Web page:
Posted in Young Writers in Action

Young writers in Action: Some way or Another

Some way or Another
by Liora, 11, Manhattan, USA

I am from the cozy, soft, white chair in my room
From sports fields and good books
I am from climbing, swinging, and running everywhere
And from “We need to sign Liora up for this sports class”
And “Stop putting your leg up everywhere.”
I am from the sweet, juicy pineapple that I love
Whose tingling sensation makes me feel warm on the inside
I am from the gymnastics mats where I’ll do Acro for hours
And dancing and stretching lots of places I go
I am from Ari (who’s always optimistic)
And Brigitte (who loves to walk)
I am from my mom’s banana chocolate chip muffins
And my dad’s famous, creamy Wacky Mac
I am from these moments when it’s all laughter and smiles.

Children on swings at a park. Image courtesy pexels.com


Read more creative writing from Liora hereTo send us YOUR book review, poem, story or artwork: check out our submission guidelines.

Posted in Top Reads

Top reads: September 2020

We’ve come to the end of another month and the arrival of school holidays! Stock up your bedside reading piles with these recommended reads from the members of our Top Reads team.*

You’ll find a recommended list from our Top Reads Team on the last day of every month (February to November). If you’d like even more recommendations, browse all through all our Top Reads ever!

*All our Top Readers are kids aged 13 and under. No grownups allowed!

Posted in book reviews, Book reviews by kids, Book reviews by Kobe

Book review: Fiona Wood, inventor of spray-on skin

Fiona Wood Inventor of Spray-On Skin by Cristy BurneREVIEWED BY KOBE, 9, WA

Fiona Wood: Inventor of Spray-on Skin, story by Cristy Burne, Wild Dingo Press, ISBN 9781925893281

The publisher provided a review copy of this book. 

Smart children will like this book! This is a true story about a famous scientist named Fiona Wood. This book will tell you how Fiona became a great scientist. This story talks about the childhood of Fiona. Like all people, she didn’t get to be a scientist straight away. She had to work hard to be one.

In this fabulous story, Fiona defends the weak ones and fixes the broken ones to fight for her chance to study medicine. The story of the plastic surgeon and spray on-skin inventor, Fiona Wood shows us the value of dreams, hard work and having the courage to do what’s right. This is the inspiring story of spirit and stamina, generosity and courage.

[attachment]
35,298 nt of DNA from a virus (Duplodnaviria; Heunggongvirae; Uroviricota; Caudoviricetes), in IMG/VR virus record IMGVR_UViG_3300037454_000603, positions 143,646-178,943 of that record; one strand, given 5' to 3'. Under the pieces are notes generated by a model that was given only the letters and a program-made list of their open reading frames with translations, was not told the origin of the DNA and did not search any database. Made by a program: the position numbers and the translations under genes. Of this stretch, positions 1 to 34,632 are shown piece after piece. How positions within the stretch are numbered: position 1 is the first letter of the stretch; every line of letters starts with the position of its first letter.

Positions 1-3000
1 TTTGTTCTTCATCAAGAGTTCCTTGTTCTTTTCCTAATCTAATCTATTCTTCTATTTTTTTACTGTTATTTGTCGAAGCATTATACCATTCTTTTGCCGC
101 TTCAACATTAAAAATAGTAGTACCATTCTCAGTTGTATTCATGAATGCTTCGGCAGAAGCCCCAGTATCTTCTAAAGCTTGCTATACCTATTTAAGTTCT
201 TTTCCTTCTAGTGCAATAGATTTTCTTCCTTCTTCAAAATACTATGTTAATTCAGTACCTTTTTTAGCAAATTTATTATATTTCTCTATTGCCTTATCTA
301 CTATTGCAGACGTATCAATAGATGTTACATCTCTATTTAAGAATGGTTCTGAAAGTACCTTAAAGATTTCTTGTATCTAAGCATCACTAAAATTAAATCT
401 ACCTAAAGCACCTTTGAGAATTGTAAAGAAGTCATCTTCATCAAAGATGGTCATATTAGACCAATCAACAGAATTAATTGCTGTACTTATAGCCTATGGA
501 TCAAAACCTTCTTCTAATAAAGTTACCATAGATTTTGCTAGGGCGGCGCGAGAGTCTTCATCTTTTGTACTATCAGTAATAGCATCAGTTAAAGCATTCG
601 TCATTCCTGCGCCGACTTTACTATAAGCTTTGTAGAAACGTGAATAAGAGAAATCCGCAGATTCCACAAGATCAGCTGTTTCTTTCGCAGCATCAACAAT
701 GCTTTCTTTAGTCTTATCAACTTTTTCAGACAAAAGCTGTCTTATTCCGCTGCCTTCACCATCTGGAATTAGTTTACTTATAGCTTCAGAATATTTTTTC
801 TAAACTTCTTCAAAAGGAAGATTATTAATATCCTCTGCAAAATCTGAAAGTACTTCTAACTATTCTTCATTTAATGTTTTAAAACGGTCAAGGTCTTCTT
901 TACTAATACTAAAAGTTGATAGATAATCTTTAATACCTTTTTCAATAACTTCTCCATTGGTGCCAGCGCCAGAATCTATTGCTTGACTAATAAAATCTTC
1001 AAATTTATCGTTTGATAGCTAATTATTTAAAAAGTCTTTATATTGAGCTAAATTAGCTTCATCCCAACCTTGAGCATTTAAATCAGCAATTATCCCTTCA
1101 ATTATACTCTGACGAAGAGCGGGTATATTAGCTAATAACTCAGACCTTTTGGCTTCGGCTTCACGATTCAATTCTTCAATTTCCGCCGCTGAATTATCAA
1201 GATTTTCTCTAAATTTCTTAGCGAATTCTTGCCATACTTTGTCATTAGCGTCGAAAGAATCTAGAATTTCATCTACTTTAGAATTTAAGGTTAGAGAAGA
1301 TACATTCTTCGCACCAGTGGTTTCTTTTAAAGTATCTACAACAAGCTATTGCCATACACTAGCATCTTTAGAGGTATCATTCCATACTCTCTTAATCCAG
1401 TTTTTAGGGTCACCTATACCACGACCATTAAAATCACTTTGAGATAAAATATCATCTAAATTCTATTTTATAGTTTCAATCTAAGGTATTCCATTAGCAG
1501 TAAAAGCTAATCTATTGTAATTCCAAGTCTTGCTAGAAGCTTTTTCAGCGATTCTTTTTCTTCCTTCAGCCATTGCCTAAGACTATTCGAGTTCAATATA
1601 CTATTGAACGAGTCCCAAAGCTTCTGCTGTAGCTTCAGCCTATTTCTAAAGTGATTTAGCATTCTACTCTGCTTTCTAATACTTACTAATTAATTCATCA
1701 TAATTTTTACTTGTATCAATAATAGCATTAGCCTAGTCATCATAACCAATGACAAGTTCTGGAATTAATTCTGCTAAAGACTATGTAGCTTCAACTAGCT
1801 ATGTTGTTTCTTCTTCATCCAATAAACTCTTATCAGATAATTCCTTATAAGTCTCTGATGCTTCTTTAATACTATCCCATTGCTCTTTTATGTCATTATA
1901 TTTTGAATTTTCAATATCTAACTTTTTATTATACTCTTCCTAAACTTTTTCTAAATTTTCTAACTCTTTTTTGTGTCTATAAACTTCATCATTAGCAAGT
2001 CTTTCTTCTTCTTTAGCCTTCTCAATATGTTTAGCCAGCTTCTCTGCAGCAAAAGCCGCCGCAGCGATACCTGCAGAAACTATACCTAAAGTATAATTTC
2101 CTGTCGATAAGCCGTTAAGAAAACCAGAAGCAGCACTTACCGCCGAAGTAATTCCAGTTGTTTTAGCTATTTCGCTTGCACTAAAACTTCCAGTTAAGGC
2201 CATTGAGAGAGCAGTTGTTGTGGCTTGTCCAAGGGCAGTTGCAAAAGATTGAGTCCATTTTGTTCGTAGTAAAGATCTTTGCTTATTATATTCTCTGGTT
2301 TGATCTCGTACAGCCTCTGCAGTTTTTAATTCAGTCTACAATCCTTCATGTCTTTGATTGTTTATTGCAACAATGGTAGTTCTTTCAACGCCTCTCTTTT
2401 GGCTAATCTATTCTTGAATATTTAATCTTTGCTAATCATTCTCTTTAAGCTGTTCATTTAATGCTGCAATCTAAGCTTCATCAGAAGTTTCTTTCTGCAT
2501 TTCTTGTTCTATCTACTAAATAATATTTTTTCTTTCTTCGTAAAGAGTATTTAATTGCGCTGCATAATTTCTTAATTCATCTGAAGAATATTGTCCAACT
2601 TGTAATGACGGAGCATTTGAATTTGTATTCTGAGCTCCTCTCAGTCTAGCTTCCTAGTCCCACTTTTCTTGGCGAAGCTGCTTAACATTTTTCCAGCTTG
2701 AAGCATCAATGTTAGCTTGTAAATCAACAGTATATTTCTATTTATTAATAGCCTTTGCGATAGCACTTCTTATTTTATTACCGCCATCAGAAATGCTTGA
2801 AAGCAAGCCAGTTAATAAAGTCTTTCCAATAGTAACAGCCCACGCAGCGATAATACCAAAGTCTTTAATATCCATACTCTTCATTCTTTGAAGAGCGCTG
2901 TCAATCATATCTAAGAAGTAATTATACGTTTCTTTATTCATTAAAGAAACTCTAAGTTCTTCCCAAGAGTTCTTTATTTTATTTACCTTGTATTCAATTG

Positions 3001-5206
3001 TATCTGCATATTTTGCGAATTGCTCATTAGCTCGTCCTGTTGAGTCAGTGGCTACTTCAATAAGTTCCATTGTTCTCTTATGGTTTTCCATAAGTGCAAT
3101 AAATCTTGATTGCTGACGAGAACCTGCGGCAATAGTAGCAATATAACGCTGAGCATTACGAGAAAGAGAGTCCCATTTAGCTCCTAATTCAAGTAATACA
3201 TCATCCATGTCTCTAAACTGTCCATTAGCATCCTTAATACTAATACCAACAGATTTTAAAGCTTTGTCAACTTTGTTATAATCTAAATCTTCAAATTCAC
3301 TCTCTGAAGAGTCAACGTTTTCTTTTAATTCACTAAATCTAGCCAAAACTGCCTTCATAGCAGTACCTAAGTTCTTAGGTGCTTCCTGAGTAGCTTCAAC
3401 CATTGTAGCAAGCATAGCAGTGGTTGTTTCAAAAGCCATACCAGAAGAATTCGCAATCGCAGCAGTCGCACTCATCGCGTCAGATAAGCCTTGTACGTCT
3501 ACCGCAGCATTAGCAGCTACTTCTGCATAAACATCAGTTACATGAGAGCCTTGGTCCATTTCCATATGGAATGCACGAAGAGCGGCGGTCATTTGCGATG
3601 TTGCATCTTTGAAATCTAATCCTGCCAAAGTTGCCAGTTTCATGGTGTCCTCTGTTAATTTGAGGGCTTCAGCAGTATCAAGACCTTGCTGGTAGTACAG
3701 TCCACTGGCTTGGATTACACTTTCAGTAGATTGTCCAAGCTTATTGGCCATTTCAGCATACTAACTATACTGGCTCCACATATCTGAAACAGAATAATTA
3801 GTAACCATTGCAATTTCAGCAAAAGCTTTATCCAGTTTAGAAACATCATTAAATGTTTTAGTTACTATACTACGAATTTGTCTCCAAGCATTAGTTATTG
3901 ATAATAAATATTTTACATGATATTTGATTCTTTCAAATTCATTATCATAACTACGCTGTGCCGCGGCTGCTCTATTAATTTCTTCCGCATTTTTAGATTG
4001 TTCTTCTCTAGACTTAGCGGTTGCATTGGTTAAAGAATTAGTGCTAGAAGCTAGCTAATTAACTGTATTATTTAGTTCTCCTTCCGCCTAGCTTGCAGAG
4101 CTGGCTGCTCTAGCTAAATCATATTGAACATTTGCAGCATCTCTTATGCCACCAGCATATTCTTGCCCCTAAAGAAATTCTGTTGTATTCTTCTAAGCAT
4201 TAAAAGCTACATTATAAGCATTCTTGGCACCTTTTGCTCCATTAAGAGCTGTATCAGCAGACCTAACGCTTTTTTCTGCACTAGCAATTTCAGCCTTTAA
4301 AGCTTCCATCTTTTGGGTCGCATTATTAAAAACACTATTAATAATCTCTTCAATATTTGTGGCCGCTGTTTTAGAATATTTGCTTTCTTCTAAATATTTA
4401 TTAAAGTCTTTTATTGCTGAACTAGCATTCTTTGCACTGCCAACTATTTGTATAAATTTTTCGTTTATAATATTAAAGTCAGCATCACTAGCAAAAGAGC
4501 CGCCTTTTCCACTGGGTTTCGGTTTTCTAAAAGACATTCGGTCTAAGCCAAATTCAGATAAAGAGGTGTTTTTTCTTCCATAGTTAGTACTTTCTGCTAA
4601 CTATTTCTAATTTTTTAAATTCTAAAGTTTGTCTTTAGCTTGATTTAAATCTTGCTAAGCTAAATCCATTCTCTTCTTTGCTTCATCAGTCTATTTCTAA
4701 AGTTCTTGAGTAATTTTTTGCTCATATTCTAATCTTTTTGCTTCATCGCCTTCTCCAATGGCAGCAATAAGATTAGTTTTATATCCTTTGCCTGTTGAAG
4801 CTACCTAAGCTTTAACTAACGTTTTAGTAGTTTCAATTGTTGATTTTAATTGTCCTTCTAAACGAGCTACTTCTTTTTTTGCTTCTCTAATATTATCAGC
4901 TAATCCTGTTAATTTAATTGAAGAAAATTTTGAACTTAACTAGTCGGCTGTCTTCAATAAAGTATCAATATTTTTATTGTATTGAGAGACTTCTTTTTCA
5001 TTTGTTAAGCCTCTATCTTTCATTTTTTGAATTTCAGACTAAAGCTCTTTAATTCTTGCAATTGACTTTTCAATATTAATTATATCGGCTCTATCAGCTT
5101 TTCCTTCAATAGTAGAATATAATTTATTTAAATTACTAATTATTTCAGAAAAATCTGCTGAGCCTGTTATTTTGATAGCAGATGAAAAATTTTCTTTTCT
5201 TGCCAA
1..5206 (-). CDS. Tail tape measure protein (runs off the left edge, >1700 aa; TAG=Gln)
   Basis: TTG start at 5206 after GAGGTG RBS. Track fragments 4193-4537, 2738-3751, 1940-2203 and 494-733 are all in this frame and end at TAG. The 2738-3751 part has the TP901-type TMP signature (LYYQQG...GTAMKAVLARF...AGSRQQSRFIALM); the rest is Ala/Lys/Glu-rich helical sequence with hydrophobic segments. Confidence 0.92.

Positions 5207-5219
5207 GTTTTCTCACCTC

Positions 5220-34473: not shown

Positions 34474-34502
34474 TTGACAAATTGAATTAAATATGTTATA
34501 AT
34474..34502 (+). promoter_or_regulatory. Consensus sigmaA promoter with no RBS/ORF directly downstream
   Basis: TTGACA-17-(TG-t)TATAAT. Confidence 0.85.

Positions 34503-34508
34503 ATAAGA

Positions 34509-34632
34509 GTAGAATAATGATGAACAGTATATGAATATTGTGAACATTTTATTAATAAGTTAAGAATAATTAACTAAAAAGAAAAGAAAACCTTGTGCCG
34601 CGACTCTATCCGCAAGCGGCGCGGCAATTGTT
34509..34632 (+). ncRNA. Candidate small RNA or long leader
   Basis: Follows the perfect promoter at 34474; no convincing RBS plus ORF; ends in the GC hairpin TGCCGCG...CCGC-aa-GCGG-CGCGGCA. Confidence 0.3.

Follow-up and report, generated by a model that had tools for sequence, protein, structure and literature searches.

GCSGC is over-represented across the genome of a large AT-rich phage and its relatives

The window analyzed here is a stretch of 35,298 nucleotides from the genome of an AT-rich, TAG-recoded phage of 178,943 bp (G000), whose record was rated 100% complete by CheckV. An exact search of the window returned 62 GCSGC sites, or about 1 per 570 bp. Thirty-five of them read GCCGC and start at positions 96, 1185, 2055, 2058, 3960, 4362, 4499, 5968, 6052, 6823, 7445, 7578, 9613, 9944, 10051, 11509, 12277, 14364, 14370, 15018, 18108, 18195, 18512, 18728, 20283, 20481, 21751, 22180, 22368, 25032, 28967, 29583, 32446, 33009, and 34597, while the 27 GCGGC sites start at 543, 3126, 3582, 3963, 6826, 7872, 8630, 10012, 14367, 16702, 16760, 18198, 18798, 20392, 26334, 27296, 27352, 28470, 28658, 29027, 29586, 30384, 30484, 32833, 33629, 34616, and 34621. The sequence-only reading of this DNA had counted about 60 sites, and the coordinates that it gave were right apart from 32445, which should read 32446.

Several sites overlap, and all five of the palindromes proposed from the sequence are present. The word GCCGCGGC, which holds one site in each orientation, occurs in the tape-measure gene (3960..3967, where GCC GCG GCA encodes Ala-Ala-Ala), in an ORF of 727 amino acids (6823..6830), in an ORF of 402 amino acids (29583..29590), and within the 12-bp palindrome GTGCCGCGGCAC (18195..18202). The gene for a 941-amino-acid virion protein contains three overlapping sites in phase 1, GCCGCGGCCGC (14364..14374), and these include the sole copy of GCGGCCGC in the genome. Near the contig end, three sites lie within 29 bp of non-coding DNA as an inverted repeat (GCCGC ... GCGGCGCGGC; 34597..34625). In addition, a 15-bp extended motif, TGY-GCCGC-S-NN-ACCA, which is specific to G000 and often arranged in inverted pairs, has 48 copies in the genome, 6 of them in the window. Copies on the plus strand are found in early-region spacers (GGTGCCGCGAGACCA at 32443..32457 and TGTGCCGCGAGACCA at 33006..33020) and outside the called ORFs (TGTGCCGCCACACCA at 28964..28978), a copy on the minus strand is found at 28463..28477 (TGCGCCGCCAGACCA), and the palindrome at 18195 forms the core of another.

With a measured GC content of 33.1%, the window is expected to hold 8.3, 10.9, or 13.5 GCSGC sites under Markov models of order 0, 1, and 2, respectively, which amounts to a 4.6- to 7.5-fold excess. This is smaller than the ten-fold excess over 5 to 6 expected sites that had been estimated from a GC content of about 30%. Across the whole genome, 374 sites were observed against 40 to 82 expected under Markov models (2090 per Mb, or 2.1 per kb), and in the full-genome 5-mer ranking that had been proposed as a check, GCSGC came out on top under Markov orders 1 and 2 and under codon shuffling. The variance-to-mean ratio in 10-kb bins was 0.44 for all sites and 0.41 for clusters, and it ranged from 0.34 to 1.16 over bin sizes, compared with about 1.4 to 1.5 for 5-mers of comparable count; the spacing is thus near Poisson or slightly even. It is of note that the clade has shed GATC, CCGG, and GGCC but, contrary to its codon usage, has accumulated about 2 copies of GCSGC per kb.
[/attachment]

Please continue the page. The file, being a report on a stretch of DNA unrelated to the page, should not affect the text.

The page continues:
My favourite part about this story is that Fiona works hard on a study and she doesn’t give up because it reminds me that even if I have a bit of trouble with my sport in school, I don’t start giving up. I still haven’t given up yet!

I hope you will read this marvellous book and that you’ll enjoy it! If you think this book is marvellous, have a try book reviewing too! Now what are you waiting for? Go read this outstanding book! I hope you enjoy this book!


Kobe is a regular book reviewer for Alphabet Soup. You can read all her reviews hereTo send us YOUR book review, check out our submission guidelines. Happy reading!

Posted in book reviews, Book reviews by kids

Book review: The House with Chicken Legs

The House With Chicken Legs by Sophie Anderson and illustrations by Elisa PaganelliREVIEWED BY SADIE, 10, VIC

The House with Chicken Legs by Sophie Anderson, illustrations by Elisa Paganelli, cover illustration by Melissa Castrillón, Usborne, ISBN 9781474940665

Sadie reviewed her own copy of this book. 

Mariska lives with her grandmother, a guardian known as a Yaga, who’s job is to guide the dead through the gate. She knows that one day she will be the next guardian, but she doesn’t want to be a Yaga. She dreams of being with the living and does not like listening to the dead or helping them on their journey.